Thursday is court day! Sorry for the delay.
Welcome to the Supreme Court of Westeros! Every week, three pressing questions from the community will be answered by the esteemed judges Stefan (from your very own Nerdstream Era) and Amin (from A Podcast of Ice and Fire). The rules are simple: we take three questions, and one of us writes a measured analysis. The other one writes a shorter opinion, either concurring or dissenting. The catch is that every week a third judge from the fandom will join us and also write a dissenting or concurring opinion. So if you think you're up to the task - write us an email to firstname.lastname@example.org, leave a comment in the post, ask in the APOIAF-forum or contact Amin at his tumblr. Discussion is by no means limited to the court itself, though - feel free to discuss our rulings in the commentary section and ask your own questions through the channels above.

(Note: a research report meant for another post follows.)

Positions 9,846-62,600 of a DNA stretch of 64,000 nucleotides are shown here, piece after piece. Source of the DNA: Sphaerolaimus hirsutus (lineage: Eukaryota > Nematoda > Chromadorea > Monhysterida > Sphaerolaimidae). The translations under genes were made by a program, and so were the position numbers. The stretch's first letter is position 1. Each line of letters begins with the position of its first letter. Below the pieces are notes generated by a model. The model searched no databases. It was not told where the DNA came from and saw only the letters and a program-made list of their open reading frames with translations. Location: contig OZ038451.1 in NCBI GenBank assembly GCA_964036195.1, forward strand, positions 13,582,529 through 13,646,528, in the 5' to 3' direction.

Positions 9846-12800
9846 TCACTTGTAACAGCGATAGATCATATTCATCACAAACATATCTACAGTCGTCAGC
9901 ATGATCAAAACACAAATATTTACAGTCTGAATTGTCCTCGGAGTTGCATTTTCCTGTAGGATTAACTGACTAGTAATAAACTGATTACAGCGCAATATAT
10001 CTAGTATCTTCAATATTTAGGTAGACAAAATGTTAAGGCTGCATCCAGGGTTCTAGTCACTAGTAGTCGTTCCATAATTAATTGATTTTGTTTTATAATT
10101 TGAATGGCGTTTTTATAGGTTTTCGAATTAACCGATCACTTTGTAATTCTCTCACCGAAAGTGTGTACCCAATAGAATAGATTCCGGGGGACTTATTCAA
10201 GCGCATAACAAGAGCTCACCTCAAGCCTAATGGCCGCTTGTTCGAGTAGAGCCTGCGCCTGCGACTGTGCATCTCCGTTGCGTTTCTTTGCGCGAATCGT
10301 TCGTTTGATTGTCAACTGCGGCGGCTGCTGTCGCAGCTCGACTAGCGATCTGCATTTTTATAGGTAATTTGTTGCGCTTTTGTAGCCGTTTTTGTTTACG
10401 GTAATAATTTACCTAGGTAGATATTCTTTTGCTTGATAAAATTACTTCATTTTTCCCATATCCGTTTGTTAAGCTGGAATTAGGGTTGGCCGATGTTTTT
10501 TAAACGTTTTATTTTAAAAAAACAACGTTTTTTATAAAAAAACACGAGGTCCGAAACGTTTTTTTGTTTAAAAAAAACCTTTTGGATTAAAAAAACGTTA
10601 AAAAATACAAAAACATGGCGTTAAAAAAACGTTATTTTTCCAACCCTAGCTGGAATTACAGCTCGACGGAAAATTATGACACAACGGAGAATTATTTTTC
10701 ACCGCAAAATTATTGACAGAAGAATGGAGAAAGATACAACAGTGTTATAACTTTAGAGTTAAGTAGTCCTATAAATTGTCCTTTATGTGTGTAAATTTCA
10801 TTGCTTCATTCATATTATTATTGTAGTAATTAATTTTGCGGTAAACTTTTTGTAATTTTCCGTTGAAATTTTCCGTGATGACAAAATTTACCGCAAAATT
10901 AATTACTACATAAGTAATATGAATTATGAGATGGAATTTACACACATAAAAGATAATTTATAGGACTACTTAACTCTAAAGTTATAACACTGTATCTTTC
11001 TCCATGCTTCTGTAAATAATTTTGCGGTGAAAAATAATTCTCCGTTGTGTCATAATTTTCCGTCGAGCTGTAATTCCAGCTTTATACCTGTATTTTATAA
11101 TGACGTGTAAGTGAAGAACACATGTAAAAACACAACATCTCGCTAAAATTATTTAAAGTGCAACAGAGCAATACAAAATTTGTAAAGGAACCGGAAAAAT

One word on spoilers: we assume that you read all the books, including the Hedge Knight short stories, and watched the current TV episodes. We don't include the spoiler chapters from various sources in the discussion, with the notable exception of Theon I, which was supposed to be in "A Dance with Dragons" anyway.
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And now, up to ruling 113! Our guest judge this week is Javi Marcos, a previous judge of the Supreme Court and one of the admins of http://lossietereinos.com/, the biggest web about ASOIAF and GoT in Spanish. He had a collaboration in the Special Edition of Tower of the Hand: A Flight for Sorrows.
Is Meera Jon’s twin?